With the world still reeling from the Rapture, those left behind who became Christians band together to form what they call a Tribulation Force to stand against the forces of evil. Their leader, Bruce, encourages each of them to not hide from the new evil world but to find a way to reach other for Christ in it. Rayford struggles with a decision to pilot the plane of Nicolae Carpathia, the suspected antichrist. Buck Williams chases down a story regarding a messianic prophecy expert and two mysterious men at the Wailing Wall in Jerusalem. In the strange new world they live in, they also discover everyday struggles and the realization that following Jesus is no longer easy.
Production Quality (.5 point)
The second installment of the original Left Behind series is a low point. While video quality and camera work are okay, there are a host of other production errors. Special effects are cheesy, especially when it comes to action scenes. Many scenes have very poor lighting. The sets and locations are pretty good, but they are littered with cheap looking props. The soundtrack is pedestrian. Furthermore, the editing is very sub-par and fails to cut down quite a few long and drawn out scenes that drain the viewer’s attention span. Essentially, not much effort was put into this creation.
Plot and Storyline Quality (0 points)
Once again, for an apocalyptic thriller, there’s not much apocalyptic or thrilling about Tribulation Force. The film takes a very melancholy tone, choosing to spend time on silly conflicts like lover’s spats and peripheral character issues. There is little central focus as the plot meanders from job decisions to church services to turning the church into a hospital to chasing leads in the Middle East. There is also not enough suspense or plot twists as the monotone dialogue centers on theological discussions and information dumps. There are attempts at twists and psychological\spiritual elements, but they fall flat. There are too many one-dimensional characters that are juggled and we can’t really get to know any of them. Like its predecessor, Tribulation Force just gets ready for the inevitable next film without giving the viewer any reason to watch it except for the book series popularity. The actual end of the plot is quite cheesy and non-suspenseful. In short, if you missed this film, you didn’t miss much.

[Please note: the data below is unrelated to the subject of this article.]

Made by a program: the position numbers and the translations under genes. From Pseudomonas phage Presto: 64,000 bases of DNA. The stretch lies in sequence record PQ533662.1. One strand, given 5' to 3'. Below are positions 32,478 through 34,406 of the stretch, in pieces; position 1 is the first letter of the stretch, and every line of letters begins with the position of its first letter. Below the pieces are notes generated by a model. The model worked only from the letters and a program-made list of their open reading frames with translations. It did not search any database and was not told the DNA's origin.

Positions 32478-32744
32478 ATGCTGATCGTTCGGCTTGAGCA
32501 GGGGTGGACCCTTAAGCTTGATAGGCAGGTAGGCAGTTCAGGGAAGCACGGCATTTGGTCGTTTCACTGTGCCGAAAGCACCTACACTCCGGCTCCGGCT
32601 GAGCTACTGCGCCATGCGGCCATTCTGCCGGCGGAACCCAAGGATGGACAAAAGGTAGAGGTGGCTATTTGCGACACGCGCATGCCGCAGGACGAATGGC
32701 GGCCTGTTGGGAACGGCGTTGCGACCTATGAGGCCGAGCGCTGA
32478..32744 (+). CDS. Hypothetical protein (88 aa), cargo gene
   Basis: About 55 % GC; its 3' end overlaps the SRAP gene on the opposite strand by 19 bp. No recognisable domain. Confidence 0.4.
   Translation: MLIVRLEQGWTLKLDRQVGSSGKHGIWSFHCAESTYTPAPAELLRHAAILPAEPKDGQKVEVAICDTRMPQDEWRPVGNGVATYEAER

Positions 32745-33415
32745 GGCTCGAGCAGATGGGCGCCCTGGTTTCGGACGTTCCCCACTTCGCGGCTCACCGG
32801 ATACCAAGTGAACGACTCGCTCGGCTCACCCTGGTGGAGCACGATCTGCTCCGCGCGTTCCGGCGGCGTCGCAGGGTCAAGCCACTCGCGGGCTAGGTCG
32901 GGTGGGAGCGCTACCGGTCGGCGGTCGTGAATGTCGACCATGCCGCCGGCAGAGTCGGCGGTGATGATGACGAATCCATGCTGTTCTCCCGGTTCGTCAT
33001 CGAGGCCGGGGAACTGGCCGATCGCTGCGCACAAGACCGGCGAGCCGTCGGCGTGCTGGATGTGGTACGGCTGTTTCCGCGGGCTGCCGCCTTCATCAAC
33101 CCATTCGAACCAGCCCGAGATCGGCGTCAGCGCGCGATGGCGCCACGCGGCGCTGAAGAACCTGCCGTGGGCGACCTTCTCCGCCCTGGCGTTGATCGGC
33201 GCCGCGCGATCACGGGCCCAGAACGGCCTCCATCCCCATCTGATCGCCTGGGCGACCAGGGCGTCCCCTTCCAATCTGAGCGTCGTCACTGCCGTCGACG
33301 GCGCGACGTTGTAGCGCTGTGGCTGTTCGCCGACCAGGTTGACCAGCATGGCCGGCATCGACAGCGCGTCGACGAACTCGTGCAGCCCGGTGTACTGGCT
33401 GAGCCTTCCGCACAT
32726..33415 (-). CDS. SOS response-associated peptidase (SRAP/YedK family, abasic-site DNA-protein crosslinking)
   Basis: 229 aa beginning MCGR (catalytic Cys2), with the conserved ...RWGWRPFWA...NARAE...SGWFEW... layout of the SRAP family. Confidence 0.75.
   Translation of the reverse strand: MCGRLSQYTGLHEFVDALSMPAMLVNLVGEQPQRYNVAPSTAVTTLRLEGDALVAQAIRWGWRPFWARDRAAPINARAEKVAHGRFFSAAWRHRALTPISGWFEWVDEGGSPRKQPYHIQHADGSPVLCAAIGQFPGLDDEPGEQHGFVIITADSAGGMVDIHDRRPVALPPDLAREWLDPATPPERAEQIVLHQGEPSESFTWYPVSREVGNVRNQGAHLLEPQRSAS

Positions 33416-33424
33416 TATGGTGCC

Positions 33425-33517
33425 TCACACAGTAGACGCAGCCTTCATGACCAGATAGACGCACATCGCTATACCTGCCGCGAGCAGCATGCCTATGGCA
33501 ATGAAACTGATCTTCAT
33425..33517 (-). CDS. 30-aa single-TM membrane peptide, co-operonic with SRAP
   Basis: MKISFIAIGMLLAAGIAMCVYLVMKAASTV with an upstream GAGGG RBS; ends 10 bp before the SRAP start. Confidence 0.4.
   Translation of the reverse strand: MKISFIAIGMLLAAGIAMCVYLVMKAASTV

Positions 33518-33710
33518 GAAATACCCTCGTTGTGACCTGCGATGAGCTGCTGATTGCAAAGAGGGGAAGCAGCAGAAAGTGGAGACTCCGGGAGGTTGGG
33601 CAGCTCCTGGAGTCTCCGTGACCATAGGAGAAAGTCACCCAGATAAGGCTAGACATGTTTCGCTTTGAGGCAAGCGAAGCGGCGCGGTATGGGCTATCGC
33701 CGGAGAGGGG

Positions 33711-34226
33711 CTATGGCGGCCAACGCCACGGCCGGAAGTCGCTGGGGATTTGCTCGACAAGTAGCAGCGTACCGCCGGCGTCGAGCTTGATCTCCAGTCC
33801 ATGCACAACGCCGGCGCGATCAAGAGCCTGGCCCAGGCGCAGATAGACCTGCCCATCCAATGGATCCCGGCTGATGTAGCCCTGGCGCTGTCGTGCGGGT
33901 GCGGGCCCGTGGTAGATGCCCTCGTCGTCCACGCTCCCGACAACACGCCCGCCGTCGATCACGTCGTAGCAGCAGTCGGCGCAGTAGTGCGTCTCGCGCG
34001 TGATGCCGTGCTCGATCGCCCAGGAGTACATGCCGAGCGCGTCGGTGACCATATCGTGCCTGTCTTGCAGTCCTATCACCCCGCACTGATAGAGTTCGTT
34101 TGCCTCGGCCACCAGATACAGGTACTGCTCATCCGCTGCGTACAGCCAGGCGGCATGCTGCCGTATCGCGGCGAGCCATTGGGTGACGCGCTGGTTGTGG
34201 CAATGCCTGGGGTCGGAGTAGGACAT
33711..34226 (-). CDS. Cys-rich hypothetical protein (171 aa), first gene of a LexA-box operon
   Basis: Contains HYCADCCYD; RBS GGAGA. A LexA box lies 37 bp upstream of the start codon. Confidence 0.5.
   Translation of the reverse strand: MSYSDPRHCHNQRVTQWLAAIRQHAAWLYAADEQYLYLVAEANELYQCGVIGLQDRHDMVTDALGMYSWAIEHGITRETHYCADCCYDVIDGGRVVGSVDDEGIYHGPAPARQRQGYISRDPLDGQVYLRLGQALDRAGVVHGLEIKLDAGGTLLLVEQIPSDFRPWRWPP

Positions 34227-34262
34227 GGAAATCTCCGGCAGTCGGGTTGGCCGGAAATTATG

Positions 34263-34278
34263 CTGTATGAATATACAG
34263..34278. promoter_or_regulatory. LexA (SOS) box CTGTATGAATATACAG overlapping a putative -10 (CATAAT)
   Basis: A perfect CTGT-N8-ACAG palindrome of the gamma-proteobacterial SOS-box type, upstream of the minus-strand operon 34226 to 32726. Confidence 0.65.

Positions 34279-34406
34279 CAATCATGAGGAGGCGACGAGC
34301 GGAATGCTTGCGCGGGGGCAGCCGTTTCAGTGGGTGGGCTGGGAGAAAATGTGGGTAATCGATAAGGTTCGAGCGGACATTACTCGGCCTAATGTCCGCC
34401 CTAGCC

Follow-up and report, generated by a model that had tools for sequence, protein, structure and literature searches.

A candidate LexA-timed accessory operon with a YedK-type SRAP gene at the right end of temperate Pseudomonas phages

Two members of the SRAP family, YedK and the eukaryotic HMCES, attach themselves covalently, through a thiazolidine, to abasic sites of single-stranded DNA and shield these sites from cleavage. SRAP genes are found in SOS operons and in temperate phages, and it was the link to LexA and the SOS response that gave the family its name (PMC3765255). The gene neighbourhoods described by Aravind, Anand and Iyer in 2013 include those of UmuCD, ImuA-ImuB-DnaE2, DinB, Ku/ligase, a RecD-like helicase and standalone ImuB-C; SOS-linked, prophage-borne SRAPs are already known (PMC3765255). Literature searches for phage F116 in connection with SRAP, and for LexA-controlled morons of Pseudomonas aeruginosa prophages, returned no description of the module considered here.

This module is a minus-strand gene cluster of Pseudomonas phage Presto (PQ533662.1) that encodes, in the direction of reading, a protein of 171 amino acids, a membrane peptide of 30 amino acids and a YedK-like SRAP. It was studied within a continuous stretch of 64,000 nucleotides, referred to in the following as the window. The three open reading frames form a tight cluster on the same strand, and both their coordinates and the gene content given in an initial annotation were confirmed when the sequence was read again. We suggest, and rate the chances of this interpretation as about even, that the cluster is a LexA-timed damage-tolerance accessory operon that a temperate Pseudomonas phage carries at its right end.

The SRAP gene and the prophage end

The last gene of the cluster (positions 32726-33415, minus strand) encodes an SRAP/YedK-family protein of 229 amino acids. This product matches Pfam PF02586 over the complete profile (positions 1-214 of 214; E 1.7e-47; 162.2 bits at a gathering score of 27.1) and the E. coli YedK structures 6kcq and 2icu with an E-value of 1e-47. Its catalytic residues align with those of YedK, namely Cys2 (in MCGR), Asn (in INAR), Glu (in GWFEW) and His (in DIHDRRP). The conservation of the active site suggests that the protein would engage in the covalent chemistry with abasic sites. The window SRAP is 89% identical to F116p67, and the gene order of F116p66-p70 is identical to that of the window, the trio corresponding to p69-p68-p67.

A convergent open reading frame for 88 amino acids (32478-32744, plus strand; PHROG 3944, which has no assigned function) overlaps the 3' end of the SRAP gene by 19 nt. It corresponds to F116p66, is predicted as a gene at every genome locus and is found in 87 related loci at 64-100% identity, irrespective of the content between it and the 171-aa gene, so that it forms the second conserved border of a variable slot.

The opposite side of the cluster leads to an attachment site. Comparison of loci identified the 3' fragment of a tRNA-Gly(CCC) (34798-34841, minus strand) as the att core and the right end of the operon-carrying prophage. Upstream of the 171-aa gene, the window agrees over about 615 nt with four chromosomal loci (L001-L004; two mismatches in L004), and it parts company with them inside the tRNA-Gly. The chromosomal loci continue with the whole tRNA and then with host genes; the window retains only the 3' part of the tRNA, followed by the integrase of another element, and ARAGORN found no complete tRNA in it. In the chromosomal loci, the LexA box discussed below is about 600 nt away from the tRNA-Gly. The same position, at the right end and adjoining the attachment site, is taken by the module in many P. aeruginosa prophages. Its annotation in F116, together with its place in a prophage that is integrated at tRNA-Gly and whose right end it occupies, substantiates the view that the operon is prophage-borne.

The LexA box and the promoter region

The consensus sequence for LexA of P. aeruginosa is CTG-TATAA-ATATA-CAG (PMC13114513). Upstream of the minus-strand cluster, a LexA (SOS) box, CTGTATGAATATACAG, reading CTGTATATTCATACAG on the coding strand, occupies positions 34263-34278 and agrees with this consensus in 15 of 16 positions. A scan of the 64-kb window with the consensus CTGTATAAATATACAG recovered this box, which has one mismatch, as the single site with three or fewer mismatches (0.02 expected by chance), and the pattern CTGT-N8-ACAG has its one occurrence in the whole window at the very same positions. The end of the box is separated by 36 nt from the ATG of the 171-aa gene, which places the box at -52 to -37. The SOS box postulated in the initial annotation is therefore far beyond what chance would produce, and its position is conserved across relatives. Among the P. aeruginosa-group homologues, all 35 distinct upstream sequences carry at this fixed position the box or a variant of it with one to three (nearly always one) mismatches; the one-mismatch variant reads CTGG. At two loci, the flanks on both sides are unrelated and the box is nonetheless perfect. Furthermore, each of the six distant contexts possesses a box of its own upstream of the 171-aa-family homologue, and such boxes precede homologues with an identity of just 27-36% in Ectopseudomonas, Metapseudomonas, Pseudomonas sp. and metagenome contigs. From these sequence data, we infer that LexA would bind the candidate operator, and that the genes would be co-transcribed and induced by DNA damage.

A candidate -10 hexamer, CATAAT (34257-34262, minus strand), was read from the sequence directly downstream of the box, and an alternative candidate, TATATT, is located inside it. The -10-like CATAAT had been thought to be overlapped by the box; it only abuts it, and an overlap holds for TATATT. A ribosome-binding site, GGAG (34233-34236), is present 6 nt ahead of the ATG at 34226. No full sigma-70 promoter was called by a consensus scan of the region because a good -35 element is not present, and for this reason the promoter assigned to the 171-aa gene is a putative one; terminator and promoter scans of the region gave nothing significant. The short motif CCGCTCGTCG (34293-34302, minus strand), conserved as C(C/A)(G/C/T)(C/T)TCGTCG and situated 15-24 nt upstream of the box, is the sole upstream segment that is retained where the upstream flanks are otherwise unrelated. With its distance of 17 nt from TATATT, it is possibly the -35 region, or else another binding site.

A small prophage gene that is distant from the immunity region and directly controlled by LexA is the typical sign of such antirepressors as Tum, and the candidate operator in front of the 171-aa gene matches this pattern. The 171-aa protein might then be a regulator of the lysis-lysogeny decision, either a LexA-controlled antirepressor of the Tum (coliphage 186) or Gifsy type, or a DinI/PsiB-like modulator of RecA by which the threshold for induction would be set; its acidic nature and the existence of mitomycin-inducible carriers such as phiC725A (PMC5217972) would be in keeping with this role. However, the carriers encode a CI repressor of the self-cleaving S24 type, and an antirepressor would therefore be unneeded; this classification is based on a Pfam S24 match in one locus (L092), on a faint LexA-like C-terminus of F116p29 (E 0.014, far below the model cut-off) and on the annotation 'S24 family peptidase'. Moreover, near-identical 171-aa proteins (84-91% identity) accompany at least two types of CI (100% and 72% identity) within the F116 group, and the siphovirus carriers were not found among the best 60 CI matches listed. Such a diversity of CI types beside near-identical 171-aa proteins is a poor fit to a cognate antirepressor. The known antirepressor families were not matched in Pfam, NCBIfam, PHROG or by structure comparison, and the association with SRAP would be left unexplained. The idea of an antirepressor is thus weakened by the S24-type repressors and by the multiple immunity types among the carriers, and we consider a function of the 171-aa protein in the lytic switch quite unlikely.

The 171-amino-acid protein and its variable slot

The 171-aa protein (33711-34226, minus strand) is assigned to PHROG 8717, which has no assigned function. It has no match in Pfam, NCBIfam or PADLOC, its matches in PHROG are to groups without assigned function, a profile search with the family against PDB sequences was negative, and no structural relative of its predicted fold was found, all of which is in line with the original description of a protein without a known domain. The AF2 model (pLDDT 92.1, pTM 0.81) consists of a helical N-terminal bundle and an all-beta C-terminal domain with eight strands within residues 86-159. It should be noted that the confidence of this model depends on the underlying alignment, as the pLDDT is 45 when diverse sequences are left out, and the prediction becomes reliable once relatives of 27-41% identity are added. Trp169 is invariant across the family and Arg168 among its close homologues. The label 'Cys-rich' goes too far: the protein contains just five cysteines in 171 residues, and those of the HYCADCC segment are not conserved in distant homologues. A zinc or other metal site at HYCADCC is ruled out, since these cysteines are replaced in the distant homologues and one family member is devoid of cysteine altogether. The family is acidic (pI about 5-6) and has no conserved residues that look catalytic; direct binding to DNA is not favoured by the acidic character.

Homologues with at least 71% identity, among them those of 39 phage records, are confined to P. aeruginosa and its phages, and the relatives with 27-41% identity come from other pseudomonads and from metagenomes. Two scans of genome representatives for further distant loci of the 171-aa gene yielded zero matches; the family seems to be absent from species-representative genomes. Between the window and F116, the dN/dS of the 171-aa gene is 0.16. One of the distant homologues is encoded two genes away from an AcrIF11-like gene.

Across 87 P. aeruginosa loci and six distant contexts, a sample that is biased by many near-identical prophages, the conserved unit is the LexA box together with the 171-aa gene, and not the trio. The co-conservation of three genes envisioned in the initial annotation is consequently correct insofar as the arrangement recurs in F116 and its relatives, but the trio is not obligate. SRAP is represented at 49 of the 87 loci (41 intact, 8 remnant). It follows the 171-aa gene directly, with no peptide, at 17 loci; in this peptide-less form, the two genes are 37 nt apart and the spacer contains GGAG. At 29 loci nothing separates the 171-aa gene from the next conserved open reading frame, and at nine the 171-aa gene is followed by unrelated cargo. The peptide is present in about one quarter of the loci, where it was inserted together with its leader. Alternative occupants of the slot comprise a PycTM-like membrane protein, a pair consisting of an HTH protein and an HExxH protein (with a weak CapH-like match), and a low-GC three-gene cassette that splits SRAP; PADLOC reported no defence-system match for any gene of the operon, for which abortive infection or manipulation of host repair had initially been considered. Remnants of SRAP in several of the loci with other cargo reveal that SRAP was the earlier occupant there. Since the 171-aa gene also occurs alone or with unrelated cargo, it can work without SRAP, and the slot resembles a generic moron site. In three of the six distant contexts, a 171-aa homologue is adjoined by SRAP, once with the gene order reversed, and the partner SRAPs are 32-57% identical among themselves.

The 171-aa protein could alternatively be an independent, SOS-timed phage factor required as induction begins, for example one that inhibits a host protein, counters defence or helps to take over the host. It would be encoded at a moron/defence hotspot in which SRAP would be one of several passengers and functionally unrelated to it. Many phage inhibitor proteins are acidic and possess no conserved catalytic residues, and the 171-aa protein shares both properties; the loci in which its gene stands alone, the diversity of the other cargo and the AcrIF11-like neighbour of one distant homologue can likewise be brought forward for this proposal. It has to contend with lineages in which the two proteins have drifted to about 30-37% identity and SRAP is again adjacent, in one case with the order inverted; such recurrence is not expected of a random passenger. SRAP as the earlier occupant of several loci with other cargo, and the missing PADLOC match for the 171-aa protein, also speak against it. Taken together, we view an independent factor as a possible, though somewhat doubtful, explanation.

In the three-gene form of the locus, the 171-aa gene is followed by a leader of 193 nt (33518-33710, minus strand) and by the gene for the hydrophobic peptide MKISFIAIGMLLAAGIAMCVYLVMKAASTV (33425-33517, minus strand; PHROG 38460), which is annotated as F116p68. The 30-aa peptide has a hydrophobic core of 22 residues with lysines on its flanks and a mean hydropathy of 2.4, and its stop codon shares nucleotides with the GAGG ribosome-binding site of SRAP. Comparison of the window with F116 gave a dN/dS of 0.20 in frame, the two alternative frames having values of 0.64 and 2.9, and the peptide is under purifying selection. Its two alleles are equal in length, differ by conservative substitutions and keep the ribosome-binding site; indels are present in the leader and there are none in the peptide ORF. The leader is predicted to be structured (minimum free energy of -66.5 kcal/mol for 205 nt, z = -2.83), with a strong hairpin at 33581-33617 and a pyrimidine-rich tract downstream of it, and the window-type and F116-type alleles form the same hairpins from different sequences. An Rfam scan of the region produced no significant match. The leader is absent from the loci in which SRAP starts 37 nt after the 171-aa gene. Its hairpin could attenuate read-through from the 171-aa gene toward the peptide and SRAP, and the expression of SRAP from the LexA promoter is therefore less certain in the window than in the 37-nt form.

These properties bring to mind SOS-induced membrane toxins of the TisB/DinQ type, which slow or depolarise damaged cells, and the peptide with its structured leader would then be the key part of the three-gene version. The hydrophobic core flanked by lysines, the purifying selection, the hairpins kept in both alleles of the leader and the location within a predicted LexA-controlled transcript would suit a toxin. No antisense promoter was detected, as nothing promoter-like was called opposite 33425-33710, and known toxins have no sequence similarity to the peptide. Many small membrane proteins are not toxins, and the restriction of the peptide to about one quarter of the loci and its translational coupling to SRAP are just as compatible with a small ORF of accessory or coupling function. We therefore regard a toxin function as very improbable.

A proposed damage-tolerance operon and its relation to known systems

Acting Quality (1 point)
At least they returned all the same cast members. I hate it when movie franchises try to change out actors and actresses and pretend you didn’t notice. There is slight improvement among this cast and Kirk Cameron delivers arguably one of his best career acting performances. My how time has flown. This cast could have actually been great with better coaching. Alas, what could have been.
Unfortunately, John Patus and company elected to follow the standard Hollywood path of bringing a popular book franchise to the big screen and relied on the series’ popularity to carry it. There is little reason for this film to even exist except for the fact that it needed to for the series to continue. If you skipped to the third film, you didn’t miss anything in this one. This is the central problem to movie sagas: each one needs to be a good movie by itself without the other ones holding it up. There are few who have gotten this right.
Final Rating: 1.5 out of 10 points